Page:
The Newark Mayor’s Debate

NEWARK – A lone televised encounter between Mayor Cory Booker and challenger Clifford Minor almost turns into an invisible event as no memorable moment sparks exchanges diffused by the presence of four candidates.

The rivals mingle in the television studio here at Cablevision headquarters in downtown Newark for the debate co-sponsored by the network and WBGO among Booker and Minor, Yvonne Garrett Moore and Mirna White.

There’s no big drumroll for Minor versus Booker as White, and especially Moore, prove equal air time interlocutors, thereby weakening Minor’s ability to dig in toe to toe with an incumbent who to this point has essentially ignored him.

Pre-live show, Minor sits in a chair in the sound proof room when Booker arrives with campaign manager Pablo Fonseca.

“Hey, Cliff, how are you doing, buddy?” asks Fonseca.

Last week, Minor told reporters that the campaign manager and former Booker chief-of-staff is a danger to Newark.

Cordiality abides here.

Now the two principals grasp hands and embrace as clumps of media types flash bulb them at close range.

Booker jumps into a barbershop chair and a makeup artist goes to work on him.

Smiling, fresh, he appears changed from earlier in the day at NJ-PAC when, surrounded by a half a dozen nibbling newsmen, he provided a rare glimpse of frayed nerves, rebuking the press corps for trying to pit him against Republican Gov. Chris Christie.

Right now he looks ready for a foursome forum that happens to include Minor, a former prosecutor and municipal judge.

An aggresive Moore does her best throughout the contest to elbow aside Minor and make the contest a Moore-Booker showdown, a strategy again undermined by multiple candidates.

Brian Jenkins of Cablevision and Monica Miller of WBGO start peppering the candidates with questions.

“The perception in Newark is crime is not down, it’s up,” says Minor, a Newark public schools product and former cop. “There are not enough police officers on the street. We have to make sure the police officers are not behind desks but out on the street. We do no not have police officers on the street.”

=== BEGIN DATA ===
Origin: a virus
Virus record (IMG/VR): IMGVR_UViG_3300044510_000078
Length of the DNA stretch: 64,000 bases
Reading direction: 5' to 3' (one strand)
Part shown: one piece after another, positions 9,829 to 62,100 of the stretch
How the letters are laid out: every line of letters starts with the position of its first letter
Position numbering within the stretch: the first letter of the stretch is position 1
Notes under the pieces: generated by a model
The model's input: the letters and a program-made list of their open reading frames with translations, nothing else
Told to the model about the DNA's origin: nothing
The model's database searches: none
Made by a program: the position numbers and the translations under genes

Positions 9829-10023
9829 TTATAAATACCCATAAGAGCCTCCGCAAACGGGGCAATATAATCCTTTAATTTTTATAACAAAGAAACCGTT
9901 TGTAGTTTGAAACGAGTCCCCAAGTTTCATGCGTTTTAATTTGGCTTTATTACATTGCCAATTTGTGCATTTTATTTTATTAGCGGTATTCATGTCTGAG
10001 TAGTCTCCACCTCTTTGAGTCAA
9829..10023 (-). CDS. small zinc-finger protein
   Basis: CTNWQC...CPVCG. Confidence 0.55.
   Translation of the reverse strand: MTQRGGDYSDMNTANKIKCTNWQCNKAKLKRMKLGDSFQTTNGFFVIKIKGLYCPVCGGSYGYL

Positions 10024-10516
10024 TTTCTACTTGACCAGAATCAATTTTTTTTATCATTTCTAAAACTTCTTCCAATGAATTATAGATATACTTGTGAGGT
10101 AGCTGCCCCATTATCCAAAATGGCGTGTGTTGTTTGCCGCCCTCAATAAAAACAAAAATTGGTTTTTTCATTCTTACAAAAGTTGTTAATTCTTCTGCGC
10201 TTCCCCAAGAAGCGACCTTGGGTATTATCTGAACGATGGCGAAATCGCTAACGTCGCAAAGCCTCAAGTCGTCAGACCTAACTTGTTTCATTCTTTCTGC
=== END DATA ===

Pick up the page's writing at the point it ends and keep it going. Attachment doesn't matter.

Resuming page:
Booker takes a crack at the same question.

He says his administration has cut 435 shootings in the city by 50%. Installed cameras. Raised millions of private dollars.

“We as a city have pulled together… but we have to do more and we will over the next four years,” says the mayor, who moments later objects to a divide between the police department and the community.

“We’re creating more trust, and on those few occasions when police do wrong, we have better accountability systems in place.”

Moore objects.

“If you don’t peace within the department, how can you have peace on the streets?” she asks.

Seeking to be the voice of deeply rooted Newarkers worried about the gentrification of the City Hall workforce and denied a chance to get the mayor in a public arena, Minor goes after Booker. 

“He hires people from outside of Newark. He’s brought in new people from outside of Newark to do these jobs. He has not been to any of the forums so far. He has not talked to residents. This is the first forum he has been to.”

Booker emphasizes private instead of public sector investment.

“We have to start investing in the private sector,” he says. “Public jobs are not going to get us out of this problem.”